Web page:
Nvidia fights back if you can spend a tad more, however, thanks to its bewildering array of budget cards. This includes the GTX 1650 Super, GTX 1660, GTX 1660 Ti, GTX 1660 Super, RTX 2060, and RTX 3050. AMD makes do with older products, like the RX 5600 XT and Radeon RX 580. Though you might find a good deal on a particular budget AMD card, Nvidia’s offerings are more widely available and usually a better value.
This category is close, but Nvidia takes the win. It goes toe-to-toe with AMD on the high end, yet provides a better range of options through the budget and mid-range price points. AMD’s alternatives are spread too thin.
AMD vs. Nvidia – Ray tracing performance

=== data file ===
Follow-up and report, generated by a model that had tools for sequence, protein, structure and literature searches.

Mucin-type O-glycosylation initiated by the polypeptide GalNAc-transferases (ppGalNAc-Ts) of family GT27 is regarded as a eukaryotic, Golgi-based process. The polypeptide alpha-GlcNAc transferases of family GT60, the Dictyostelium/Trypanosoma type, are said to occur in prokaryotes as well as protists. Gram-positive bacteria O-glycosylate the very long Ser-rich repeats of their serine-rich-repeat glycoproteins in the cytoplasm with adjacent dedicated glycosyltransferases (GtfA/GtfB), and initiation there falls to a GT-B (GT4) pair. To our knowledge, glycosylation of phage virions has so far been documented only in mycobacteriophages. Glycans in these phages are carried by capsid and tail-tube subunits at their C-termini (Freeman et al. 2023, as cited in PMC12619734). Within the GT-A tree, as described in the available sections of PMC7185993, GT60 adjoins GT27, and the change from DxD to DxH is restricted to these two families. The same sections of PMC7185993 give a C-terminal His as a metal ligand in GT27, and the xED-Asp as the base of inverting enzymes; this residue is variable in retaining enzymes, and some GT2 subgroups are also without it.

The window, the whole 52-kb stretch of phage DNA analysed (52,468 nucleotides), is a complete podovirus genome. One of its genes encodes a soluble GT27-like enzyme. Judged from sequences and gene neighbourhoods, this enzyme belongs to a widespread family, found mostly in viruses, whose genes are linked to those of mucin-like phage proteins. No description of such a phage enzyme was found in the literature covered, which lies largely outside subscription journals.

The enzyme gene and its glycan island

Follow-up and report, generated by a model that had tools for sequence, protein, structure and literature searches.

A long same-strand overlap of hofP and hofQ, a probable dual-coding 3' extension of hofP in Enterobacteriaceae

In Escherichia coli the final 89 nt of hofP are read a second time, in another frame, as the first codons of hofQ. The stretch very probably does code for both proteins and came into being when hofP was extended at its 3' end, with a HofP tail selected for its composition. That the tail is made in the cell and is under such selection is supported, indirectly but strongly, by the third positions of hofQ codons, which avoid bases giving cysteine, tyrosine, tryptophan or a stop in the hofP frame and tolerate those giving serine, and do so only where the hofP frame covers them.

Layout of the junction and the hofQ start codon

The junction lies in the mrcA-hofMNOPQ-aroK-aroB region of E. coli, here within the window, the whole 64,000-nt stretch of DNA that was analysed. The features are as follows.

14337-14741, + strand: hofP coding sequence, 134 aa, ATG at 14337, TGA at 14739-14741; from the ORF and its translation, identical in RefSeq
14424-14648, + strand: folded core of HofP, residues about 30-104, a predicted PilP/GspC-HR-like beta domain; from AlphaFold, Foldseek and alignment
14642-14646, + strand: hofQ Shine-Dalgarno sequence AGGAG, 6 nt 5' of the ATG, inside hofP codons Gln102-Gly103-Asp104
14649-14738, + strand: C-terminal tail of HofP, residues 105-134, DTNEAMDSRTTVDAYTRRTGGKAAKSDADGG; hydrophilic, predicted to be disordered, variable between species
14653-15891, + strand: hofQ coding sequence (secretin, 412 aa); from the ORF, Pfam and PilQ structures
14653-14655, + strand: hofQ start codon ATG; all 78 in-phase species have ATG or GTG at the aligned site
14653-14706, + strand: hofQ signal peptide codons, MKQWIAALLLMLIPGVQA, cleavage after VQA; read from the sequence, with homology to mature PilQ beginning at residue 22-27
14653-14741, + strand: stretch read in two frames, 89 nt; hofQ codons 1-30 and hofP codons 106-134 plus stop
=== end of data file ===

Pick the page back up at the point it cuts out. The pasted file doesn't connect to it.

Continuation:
Nvidia brought ray tracing to PC gaming with the launch of the RTX 20 series in 2018. AMD needed a few years to catch up, but the company delivered hardware ray tracing acceleration in the Radeon RX 6000 series.
This has worked in Nvidia’s favor. AMD’s best video cards, such as the Radeon RX 6950 XT, RX 6900 XT, and RX 6800XT, have ray tracing performance more in line with the less expensive Nvidia RTX 3070 and RTX 3070 Ti. Nvidia’s best video cards are up to 50% quicker than AMD hardware when ray tracing is on.
What about game compatibility? Thankfully, nearly all games that support ray tracing are compatible with both Nvidia and AMD hardware. This isn’t completely universal though. Godfall initially only supported AMD, though it has since received an update for Nvidia RTX support. Still, ray tracing exclusives are an exception to the rule.
AMD vs. Nvidia: Gaming laptop performance
The strengths that lead Nvidia to wins in both general and ray tracing performance are repeated in gaming laptops.